Rural care

The administration is also working on plans – backed by $300,000 in state funding that will be used as a match for federal money – to expand training slots for medical students or graduates in rural communities or other areas of high need.

People who train in rural areas, Scrase said, are much more likely to stay there, so the training slots are a good way to encourage people to work outside big cities.

Still to come, he said, are programs that would help doctors repay their student loans if they work in rural areas, an idea in its early stages.

Hospital tower

Lujan Grisham, a Democrat who took office Jan. 1, also supports expansion of UNM Hospital – an idea that stalled under the previous governor, Republican Susana Martinez.

A capital outlay package signed by Lujan Grisham this year includes $30 million in state funding for a new medical tower at UNM Hospital, the only Level 1 trauma center in the state.

In a presentation earlier this year, UNM officials who have been working on the expansion showed regents pictures of small operating rooms and a hallway crowded with equipment because of a lack of storage space.

The state funding is just a small slice of what would be needed to construct the tower. The university has discussed several different proposals for expansion over the years, with price tags usually running in the hundreds of millions of dollars.

Skeptics say the construction of more bed space isn’t necessarily the best way to improve health care – that spending on actual services is more productive.

Medicaid buy-in

The governor has also touted the merits of a Medicaid buy-in proposal that would allow people to pay a monthly premium to receive insurance through Medicaid.

Lujan Grisham said it would target people who make too much to qualify for Medicaid but can’t afford private insurance.

It’s a critical way to expand access to health care, supporters say.

Opponents, in turn, say the program would worsen the financial challenges of providers who already make less serving Medicaid patients.

An analysis by legislative staff suggested that a targeted Medicaid buy-in program would cost the state in the neighborhood of $27 million to $81 million a year, depending on how many people enrolled.

The idea cleared one House committee this session but failed to make it through another. Lujan Grisham said she intends to continue the conversation.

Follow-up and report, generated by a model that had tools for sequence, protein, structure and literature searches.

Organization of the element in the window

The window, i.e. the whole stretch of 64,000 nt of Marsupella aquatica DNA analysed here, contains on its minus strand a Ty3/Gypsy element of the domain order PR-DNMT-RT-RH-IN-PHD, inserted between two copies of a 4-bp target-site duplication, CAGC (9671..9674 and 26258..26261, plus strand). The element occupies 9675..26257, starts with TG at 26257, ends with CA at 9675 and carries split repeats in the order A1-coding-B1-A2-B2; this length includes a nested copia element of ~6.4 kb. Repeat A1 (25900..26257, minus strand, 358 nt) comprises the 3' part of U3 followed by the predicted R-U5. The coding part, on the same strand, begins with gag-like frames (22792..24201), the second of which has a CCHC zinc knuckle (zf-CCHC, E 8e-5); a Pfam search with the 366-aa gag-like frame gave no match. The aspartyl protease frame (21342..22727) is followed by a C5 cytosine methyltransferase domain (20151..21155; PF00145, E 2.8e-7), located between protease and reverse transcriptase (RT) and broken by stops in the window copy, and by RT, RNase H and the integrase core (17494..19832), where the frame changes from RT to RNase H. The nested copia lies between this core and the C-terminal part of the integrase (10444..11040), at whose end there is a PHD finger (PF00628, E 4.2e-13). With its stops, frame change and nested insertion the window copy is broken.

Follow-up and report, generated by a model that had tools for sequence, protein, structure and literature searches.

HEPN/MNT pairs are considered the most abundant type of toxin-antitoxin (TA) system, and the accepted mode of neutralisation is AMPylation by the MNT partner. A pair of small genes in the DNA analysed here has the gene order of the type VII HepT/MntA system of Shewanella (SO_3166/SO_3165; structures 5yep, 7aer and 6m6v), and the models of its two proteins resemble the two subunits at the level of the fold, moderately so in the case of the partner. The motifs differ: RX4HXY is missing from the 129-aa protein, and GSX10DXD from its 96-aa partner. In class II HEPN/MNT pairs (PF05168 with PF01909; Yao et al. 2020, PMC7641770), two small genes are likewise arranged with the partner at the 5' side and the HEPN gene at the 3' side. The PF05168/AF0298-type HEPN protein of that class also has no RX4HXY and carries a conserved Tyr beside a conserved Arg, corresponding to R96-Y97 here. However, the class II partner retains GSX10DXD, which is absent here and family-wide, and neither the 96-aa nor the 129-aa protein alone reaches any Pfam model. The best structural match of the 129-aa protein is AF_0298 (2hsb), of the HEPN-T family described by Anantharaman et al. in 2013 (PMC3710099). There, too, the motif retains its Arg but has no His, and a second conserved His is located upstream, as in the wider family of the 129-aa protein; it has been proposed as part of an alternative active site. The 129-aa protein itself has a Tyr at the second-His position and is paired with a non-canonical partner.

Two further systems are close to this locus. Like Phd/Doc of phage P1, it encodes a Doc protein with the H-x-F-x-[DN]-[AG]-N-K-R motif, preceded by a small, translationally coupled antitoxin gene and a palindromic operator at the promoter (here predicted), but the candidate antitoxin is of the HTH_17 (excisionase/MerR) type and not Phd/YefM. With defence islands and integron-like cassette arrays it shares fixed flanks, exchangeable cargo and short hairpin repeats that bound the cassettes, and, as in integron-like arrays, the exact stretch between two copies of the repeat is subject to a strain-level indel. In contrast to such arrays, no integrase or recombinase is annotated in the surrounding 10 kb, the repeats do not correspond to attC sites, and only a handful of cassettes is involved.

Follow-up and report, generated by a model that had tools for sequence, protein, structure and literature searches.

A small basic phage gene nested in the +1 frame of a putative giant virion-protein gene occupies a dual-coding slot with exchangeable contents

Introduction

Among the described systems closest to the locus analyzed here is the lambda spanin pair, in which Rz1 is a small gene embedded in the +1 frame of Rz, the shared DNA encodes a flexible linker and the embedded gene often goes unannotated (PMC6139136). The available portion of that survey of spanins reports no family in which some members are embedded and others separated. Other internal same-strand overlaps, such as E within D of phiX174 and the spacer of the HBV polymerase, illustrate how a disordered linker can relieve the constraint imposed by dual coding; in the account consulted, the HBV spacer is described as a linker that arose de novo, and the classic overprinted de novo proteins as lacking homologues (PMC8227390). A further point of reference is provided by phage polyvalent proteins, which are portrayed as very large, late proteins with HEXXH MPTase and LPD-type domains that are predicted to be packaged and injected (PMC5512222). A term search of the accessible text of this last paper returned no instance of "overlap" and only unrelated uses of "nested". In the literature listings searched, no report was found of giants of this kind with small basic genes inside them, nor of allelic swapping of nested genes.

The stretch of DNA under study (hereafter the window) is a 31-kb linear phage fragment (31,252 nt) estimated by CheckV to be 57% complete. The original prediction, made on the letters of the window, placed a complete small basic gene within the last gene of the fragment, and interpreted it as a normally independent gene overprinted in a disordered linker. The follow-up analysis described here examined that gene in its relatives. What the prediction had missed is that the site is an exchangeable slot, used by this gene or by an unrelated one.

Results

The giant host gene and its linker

Behavioral health

Lujan Grisham has touched on a variety of other ideas, too, aimed at improving health care. She has directed her administration to craft a plan for providing new services to people who wait a decade or more for help under a program for individuals with developmental disabilities.

The Human Services Department is also planning to hire a few more staff members to work with behavioral health providers – to help them navigate the billing process and to encourage them to expand services.

The extra effort is needed, supporters say, after the state in 2013 cut off Medicaid and other funding to 15 providers, citing allegations of overbilling, mismanagement and possible fraud, as outlined in an audit. The Office of the Attorney General later cleared all 15 providers of fraud allegations.

Lujan Grisham said she is also interested in revising the state’s medical malpractice laws, which some say discourage doctors from staying in New Mexico.

“We’re going to create an environment where this is an easy, productive, wonderful state to practice medicine in,” Lujan Grisham said in a speech last week.

Competing approaches

Some of the new governor’s proposals have picked up Republican support, though GOP lawmakers have strongly opposed the Medicaid buy-in legislation.

Rep. Gregg Schmedes, a surgeon and Tijeras Republican, said he appreciates Lujan Grisham’s support for improving services for people with developmental disabilities, the push to improve Medicaid provider reimbursement rates and creating incentives for doctors to practice in rural New Mexico.

“One of the defining characteristics of health care in the state is how we pay attention to those folks who may not have a voice,” including those with a severe disability, he said.

But Schmedes said he’d also like to see more attention paid to reducing health care costs by promoting competition and transparency. Much of the legislation that passed this year will raise costs, he said.

“The only way to reduce costs,” Schmedes said, “is to increase free-market principles and let consumers drive prices.”

‘Really personal’

Lujan Grisham, meanwhile, has made clear that health care is more than just an early focus of her administration. It’s a field she has worked in, both as a consultant and as a Cabinet secretary, and is an area of ongoing interest.

She told one audience last week that she isn’t interested in “candy coating” New Mexico’s medical challenges.

Lujan Grisham grew up with a developmentally disabled sister who deserved better care than was then available in institutions, she said, and her parents brought her home to live with the family.

Her mom has been in and out of the hospital since October.

And she has watched a nephew battle addiction.

Health care policy, Lujan Grisham said, “is really personal to me.”